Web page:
Print Publishing Workflows & Process Definitions

Understand, Analyze & Improve Publishing Company Business Processes

What is a Print Publishing Workflow

Publishing workflows, or flow charts, illustrate the steps carried out during a publishing business process. Some print publishing activities such as flap plans, design concepts, and author manuscripts, don’t have analogs in the digital world. These should still be part of a standard print publishing process model, but a print publishing workflow, nowadays, should be updated to create a more efficient process that will help both print and digital process flows.



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Updating the Print Publishing Process Flow for Digital Publishing

A print publishing workflow can take a long time to complete. On the other hand, a typical digital printing business process involves shorter workflows, resulting in higher complexity and lower profits on print work. Modern print publishing flow charts must be more efficient, abandoning high-throughput, high-waste workflows in favor of high-value production. Print and digital publishing are not completely similar, but a workflow that caters to both can rise above the inefficiencies of the former.


Steps to Print Publishing Process Improvement

Regardless of what type of publishing a company works towards, taking the appropriate steps beforehand will ensure a streamlined and efficient workflow. Flow chart templates (see below) offer a unique opportunity to experiment with tried and true print publishing workflows built around these steps.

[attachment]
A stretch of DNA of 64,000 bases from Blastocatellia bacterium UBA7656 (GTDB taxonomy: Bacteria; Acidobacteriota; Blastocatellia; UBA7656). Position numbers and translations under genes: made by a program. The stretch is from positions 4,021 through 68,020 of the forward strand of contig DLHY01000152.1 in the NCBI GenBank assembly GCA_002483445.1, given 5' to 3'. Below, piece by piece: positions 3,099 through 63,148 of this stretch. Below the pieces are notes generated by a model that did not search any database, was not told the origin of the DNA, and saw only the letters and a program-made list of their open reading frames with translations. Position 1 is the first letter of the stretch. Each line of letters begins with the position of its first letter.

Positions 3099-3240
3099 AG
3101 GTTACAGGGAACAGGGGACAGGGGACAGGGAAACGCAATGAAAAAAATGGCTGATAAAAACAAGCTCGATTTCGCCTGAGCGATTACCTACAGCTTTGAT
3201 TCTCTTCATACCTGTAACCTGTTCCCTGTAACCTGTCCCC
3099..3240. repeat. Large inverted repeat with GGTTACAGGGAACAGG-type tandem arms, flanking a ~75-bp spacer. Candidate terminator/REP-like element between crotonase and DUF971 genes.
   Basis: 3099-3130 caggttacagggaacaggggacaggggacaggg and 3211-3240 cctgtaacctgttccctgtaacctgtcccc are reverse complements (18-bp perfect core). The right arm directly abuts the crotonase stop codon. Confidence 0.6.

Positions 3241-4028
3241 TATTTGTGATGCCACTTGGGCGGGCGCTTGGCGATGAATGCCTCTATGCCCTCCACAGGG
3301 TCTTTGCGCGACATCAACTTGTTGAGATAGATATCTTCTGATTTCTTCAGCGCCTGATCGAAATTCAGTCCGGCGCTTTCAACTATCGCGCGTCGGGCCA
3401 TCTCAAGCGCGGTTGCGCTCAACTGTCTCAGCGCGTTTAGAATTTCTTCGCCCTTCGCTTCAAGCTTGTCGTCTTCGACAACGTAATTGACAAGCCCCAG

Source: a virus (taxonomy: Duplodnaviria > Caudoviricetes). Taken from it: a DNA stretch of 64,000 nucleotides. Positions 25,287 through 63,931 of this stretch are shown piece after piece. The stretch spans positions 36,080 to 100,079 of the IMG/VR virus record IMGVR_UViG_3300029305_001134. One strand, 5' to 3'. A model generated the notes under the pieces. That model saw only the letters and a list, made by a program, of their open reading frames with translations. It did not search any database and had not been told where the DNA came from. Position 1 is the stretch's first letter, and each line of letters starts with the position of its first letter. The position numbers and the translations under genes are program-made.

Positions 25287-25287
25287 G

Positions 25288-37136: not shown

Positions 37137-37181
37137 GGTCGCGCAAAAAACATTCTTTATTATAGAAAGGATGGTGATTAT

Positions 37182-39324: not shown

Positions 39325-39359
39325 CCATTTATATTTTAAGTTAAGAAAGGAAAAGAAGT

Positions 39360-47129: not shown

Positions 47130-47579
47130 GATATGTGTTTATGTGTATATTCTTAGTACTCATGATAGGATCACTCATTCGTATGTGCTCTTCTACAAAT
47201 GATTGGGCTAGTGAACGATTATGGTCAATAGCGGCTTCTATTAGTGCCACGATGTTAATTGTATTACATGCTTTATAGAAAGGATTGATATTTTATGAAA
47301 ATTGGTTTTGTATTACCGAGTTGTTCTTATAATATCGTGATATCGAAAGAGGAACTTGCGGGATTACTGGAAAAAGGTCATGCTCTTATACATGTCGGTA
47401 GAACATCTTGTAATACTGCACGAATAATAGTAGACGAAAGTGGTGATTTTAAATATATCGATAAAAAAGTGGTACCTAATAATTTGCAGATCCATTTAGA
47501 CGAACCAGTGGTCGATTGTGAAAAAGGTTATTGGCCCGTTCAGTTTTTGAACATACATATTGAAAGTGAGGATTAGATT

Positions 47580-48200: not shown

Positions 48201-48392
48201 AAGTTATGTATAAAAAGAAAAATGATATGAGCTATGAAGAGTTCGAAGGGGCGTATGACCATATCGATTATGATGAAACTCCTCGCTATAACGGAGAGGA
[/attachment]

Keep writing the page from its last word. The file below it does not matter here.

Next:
1. Align Expectations: No matter what business process a print publishing workflow is working towards, it is imperative that all involved be made aware of its components from the start. All parties should know when their responsibility in the publishing process comes up.

  2. Keep Schedules in Mind: When updating print publishing workflows, it’s important to consider the specific schedules of participants. Time spent on story development and outlining, for example, depends on how familiar a publishing company is with its stable of authors, and whether those authors have day jobs or additional responsibilities. This will be reflected in the final process model.

  3. Identify and Put Systems in Place: An efficient and standardized workflow in print publishing will often depend on some form of management system to function well. For example, setting up a content management system toward the end of a workflow will help a publishing company keep track of content. With the digital space’s focus on repurposed content, it also serves as a valuable repository. Think of a well that publishers can go to routinely when needed.


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